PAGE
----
Politics & Policy

Recusal Absurdity

Let's not get silly about judges.

Robert Alt, in “Thin Law Line” (NRO, Oct. 21), argues that the canon of judicial ethics, which prompted Justice Scalia to recuse himself from the Newdow case on the Pledge of Allegiance, should also govern the questions that senators address to judicial nominees in the confirmation process. In short, if Justice Scalia is so scrupulous as to disqualify himself for a passing remark on the Ninth Circuit’s ruling, then it follows (says Alt) that nominees like Miguel Estrada and Janice Rogers Brown should be entitled not to answer tough questions about legal issues likely to come before the courts they may serve on. Otherwise, they might run afoul of the requirements of judicial ethics before they even become judges, and would (if they too are as scrupulous as Scalia is) be duty-bound to disqualify themselves from precisely those cases the senators were most interested in. A terrible Catch-22, or so argues Alt.

The trouble with this argument is that it permits the requirements of judicial ethics–and even a terribly broad reading of them–to trump the constitutional obligation of senators to inform themselves adequately about the kinds of judges they are being asked to confirm.

Let’s take the example of Justice Scalia first, since it may well be said that he was over-scrupulous in recusing himself from the Newdow case. On January 12–Religious Freedom Day–Scalia spoke at a Fredericksburg, Virginia event sponsored by the Knights of Columbus. Remarking generally (and correctly) on the misguided trend of the Supreme Court’s jurisprudence under the Establishment Clause, he said that some of the Court’s past rulings provided “plausible support” for the Ninth Circuit’s ruling on the pledge. A little later, Scalia ad-libbed, in response to a protester’s sign, that “under God” could be taken out of the pledge by a democratic choice of the people and their representatives, suggesting that it was no business of judges to do so on a constitutional pretext.

At the time he spoke, the Newdow case had been decided by a three-judge panel, and was being considered for en banc rehearing in the Ninth Circuit. On February 28, rehearing was denied. On April 30, the school district that lost the Newdow case filed for review by the Supreme Court, and on October 14 the Court granted review of the case.

Title 28, section 455(a) of the U.S. Code reads, “Any justice, judge, or magistrate judge of the United States shall disqualify himself in any proceeding in which his impartiality might reasonably be questioned.” And Canon 3A(6) of the “Code of Conduct for United States Judges” reads, “A judge should avoid public comment on the merits of a pending or impending action.”

The first of these, which is actually law (though of doubtful enforceability where life-tenured judges are concerned), should be understood as speaking to the impartiality of a judge regarding the parties to a case, not the legal issues that a case may raise. Indeed, every subsequent part of the section is couched in exactly such terms–avoiding conflicts of interest owing to the identity of the parties, not the opinions judges may have of the legal questions they raise.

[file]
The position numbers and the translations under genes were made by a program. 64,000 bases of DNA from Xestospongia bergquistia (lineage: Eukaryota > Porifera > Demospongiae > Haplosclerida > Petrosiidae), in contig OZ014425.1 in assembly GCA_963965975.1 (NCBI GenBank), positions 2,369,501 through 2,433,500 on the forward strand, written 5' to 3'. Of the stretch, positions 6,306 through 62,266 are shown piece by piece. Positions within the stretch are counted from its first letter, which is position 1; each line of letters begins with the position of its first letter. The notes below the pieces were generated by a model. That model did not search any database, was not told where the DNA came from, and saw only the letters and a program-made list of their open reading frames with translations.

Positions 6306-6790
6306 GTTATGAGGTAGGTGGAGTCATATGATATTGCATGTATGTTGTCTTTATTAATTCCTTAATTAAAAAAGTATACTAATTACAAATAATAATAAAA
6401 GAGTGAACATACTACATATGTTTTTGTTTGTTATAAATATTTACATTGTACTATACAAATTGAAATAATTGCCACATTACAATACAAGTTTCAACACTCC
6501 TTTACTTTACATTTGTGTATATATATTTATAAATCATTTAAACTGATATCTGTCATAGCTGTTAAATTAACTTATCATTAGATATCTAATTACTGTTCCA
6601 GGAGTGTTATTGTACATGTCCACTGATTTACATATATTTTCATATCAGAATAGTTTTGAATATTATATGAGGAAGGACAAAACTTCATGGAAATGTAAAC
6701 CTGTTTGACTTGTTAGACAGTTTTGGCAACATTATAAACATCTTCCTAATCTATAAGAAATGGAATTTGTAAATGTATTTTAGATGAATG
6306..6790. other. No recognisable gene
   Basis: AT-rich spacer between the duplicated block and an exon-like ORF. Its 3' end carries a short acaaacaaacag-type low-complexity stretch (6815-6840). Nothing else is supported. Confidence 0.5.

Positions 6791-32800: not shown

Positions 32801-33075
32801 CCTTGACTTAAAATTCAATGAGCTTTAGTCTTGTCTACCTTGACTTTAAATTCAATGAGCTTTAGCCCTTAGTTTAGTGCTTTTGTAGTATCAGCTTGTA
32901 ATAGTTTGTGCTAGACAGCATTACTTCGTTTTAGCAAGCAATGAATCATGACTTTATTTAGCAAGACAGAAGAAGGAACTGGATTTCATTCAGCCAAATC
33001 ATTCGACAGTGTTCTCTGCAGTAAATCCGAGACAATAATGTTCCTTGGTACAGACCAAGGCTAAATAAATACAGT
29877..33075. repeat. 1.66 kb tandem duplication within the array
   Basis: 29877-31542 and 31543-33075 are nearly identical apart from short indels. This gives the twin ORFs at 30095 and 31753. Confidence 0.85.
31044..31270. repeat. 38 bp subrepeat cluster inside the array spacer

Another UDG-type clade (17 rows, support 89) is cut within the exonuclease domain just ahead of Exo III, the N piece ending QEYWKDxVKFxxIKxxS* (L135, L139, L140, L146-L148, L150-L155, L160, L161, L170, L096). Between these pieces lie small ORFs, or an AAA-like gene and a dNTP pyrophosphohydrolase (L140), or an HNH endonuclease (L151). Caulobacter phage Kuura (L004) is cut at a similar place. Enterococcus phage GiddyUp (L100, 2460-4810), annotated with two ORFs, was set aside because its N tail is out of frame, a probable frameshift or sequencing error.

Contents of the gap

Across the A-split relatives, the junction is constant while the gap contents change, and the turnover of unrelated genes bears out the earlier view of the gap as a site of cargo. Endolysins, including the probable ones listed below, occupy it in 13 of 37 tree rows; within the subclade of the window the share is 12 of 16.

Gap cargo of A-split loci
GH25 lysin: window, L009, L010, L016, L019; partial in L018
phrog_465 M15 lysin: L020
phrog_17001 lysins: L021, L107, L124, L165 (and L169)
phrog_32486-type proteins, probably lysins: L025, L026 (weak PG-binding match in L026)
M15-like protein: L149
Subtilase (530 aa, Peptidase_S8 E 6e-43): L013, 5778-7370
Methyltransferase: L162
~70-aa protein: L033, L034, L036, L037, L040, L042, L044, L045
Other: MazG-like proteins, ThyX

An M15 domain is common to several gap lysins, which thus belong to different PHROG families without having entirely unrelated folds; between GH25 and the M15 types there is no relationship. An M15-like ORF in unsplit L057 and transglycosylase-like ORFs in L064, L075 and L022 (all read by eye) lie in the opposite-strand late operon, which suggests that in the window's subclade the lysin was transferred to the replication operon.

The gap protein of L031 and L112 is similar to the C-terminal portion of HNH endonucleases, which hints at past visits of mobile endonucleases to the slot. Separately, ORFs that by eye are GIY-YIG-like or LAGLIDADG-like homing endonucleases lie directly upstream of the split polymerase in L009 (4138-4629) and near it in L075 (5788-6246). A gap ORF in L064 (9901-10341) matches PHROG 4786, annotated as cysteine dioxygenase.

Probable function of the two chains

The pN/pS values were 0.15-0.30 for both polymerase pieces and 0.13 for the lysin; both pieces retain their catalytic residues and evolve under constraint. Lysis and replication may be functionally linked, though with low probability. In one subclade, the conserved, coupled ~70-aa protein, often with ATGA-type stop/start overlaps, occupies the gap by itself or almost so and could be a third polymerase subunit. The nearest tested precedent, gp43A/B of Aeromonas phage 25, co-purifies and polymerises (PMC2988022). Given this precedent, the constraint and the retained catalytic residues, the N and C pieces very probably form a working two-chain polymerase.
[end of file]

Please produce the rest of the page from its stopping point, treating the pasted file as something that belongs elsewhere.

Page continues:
The Code of Conduct, by contrast, is not a law at all, but a set of admonitions adopted by the judiciary to guide its own members. (Notice, after all, the “should” language, as opposed to the “must” of the U.S. Code.) And while Canon 3A(6) cautions against “public comments on the merits” of a case, the word “impending” is terribly vague. Was Newdow an “impending” case before the Supreme Court on January 12? Maybe, maybe not. (Many observers expected the Ninth Circuit to grant an en banc rehearing and reverse the three-judge panel, in which case it is virtually certain there would have been no Supreme Court review.) And the same canon goes on to specifically exempt any “scholarly presentation made for purposes of legal education,” which is exactly what Scalia was doing that day in Fredericksburg.

But suppose we are as punctilious as possible about all this. Justice Scalia is already amply on record about the pledge and “under God,” and in much more comprehensive ways than anything he said in Fredericksburg. Here he is, dissenting in 1992 from the Court’s ruling against prayers at a high-school graduation:

[S]ince the Pledge of Allegiance has been revised . . . to include the phrase “under God,” recital of the Pledge would appear to raise the same Establishment Clause issue as the [graduation] invocation and benediction. If students were psychologically coerced to remain standing during the invocation, they must also have been psychologically coerced, moments before, to stand for (and thereby, in the Court’s view, take part in or appear to take part in) the Pledge. Must the Pledge therefore be barred from the public schools (both from graduation ceremonies and from the classroom)? In [the 1943 case of] Barnette, we held that a public school student could not be compelled to recite the Pledge; we did not even hint that she could not be compelled to observe respectful silence–indeed, even to stand in respectful silence–when those who wished to recite it did so. Logically, that ought to be the next project for the Court’s bulldozer.